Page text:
Ahhh, negative neighbors, co-workers, friends, teammates…can it get any worse than this? These are the life-sucking, downward draggers who emphasize your stumbling blocks instead of the thrusters and lifters in life that point you towards your stepping-stones. Be honest about it…you don’t like hearing the negativity from these people who turn rainbows gray, do you? Without anger, without trying to change them, without guilt, without feeling stuck, simply release yourself and walk away. Nicely. As someone once noted, “Goodbye” is the best ever gift that you can receive from worse friends. Never hesitate to wave it back...”

Author's Bio: 

Michael R. Mantell earned his Ph.D. at the University of Pennsylvania and his M.S. at Hahnemann Medical College, where he wrote his thesis on the psychological aspects of obesity. His career includes serving as the Chief Psychologist for Children’s Hospital in San Diego, and as the founding Chief Psychologist for the San Diego Police Department. He served on the faculty of UCSD’s School of Medicine, Dept. of Psychiatry. After 40 years of diagnosing and treating mental illness, he has retired from clinical practice---and as he describes, is now “reFired” and “reWired.”

He provides advanced behavior science coaching for sustainable strategic outcomes in mindful, values driven and positively adaptive ways to business leaders, entrepreneurs, athletes, individuals, families and organizations to reach breakthrough levels of success and significance in their professional and personal lives.

Michael is a member of the Scientific Advisory Board of the International Council on Active Aging, the Chief Consultant for Behavior Science for the Premier Fitness Camp at Omni La Costa, and served as the Senior Consultant for Behavioral Sciences for the American Council on Exercise. He travels the world speaking with fitness and health professionals to provide the most current thinking and tools for behavior change. He has been a member of SAG/AFTRA since 1981, having appeared regularly on Good Morning America, as well as numerous talk shows and weekly appearances on TV and radio news.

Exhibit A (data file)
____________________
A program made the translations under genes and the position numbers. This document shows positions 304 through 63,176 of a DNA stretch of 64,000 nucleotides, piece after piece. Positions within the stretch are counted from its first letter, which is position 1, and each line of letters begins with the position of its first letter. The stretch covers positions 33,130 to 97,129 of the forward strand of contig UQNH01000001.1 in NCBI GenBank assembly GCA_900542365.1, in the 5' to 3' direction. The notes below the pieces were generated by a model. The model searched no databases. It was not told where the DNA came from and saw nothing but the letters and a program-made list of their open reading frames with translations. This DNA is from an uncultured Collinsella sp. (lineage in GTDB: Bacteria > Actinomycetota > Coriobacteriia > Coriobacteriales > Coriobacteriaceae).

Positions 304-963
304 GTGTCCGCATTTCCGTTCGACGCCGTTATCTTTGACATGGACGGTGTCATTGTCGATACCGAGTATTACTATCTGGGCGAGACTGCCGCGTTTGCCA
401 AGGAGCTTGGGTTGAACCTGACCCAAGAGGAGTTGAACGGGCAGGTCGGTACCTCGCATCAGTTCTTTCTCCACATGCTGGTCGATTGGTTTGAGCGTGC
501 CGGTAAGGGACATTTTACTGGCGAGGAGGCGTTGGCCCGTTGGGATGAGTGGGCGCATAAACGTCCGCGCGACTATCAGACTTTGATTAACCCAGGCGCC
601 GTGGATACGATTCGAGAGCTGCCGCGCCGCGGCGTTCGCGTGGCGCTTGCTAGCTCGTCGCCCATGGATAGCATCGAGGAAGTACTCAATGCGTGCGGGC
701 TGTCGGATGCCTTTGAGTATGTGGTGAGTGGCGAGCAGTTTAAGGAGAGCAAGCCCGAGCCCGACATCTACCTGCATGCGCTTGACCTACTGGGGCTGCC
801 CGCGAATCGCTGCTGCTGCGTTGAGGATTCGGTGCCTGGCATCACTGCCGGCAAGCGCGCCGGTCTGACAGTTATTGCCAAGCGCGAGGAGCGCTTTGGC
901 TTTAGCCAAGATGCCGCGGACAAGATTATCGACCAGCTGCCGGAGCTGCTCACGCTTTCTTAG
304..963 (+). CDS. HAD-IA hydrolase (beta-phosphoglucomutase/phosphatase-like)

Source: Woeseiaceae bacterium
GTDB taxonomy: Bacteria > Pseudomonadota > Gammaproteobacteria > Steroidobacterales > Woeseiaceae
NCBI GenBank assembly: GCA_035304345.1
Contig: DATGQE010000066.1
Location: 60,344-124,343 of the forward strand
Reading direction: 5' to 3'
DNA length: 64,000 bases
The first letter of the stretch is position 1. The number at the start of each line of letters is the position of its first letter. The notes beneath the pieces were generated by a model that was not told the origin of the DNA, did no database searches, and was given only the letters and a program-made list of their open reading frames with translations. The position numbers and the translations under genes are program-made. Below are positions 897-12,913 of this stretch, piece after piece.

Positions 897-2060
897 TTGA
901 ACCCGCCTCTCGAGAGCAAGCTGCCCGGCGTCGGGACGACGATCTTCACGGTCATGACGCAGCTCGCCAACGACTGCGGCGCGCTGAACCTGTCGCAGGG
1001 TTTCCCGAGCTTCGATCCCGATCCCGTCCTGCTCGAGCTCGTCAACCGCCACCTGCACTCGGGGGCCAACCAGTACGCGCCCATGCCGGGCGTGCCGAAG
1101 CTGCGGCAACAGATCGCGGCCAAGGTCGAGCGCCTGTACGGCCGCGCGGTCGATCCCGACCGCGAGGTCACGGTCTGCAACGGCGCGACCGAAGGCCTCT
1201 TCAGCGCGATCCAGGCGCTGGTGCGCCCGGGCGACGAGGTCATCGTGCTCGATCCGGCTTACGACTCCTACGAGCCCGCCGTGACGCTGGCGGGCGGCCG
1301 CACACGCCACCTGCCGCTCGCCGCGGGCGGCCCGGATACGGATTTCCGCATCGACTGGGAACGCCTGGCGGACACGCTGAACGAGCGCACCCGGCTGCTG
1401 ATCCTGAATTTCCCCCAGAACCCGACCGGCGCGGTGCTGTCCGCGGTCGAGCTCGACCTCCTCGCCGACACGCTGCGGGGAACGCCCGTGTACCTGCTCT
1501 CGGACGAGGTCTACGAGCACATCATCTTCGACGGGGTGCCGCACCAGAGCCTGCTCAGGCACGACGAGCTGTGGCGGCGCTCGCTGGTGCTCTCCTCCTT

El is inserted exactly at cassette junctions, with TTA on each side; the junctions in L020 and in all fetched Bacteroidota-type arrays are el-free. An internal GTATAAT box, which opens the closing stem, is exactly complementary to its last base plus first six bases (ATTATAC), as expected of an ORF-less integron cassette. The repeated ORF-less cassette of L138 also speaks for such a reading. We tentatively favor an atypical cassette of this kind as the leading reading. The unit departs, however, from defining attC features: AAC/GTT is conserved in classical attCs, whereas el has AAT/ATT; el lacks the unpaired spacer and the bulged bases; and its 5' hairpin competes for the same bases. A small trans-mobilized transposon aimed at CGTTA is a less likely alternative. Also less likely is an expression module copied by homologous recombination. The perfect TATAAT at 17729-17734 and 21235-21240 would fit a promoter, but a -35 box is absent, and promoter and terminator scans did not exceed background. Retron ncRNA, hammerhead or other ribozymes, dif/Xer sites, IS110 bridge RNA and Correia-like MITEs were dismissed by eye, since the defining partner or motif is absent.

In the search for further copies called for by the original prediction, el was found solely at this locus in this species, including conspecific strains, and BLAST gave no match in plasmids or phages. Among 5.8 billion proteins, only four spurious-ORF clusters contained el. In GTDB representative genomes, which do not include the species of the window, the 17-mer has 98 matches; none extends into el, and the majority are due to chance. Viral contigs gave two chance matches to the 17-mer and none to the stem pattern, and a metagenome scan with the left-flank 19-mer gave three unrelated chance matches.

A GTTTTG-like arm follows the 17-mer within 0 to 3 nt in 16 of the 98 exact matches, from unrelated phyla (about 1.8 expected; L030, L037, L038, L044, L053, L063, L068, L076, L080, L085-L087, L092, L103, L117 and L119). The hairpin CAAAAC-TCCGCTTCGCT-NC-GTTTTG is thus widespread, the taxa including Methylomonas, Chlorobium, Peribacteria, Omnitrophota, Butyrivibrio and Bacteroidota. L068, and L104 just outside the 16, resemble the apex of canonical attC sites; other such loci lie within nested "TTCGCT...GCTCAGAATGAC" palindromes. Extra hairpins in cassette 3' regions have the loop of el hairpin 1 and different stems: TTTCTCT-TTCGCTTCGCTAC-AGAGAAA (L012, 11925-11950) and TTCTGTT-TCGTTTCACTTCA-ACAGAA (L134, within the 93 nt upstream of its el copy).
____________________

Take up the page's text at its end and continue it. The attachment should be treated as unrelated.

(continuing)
Michael is an Organizational Advisor to Fitwall, Rock My Run, amSTATZ, speaks for Rancho La Puerta and the Asia Fitness Conference and Expo, in addition to numerous other fitness-health organizations throughout the nation. He is interviewed frequently for fitness and health magazines including Details Magazine, Men’s Health USA and UK, Women’s Health US and UK, Weight Watchers, Shape, Natural Health, Real Simple, Women’s World, MetRx, Better Homes and Gardens and a host of others in the health/wellness/fitness world. He has written for, and spoken for the International Council on Active Aging, the Medical Fitness Association, Athletic Business, IHRSA, and a host of other professional organizations in the health and fitness fields. He has been a keynote speaker for the University of California FitCon and UCLA “Stress Less Week.”

He is a best-selling author of three books including the 25th Anniversary updated edition of his 1988 original “Don’t Sweat the Small Stuff, P.S. It’s All Small Stuff,” and his 1996, “Ticking Bombs: Defusing Violence in the Workplace.” Heis listed in’s 2013 “The 100 Most Influential People in Health and Fitness.” His fourth book is due out soon.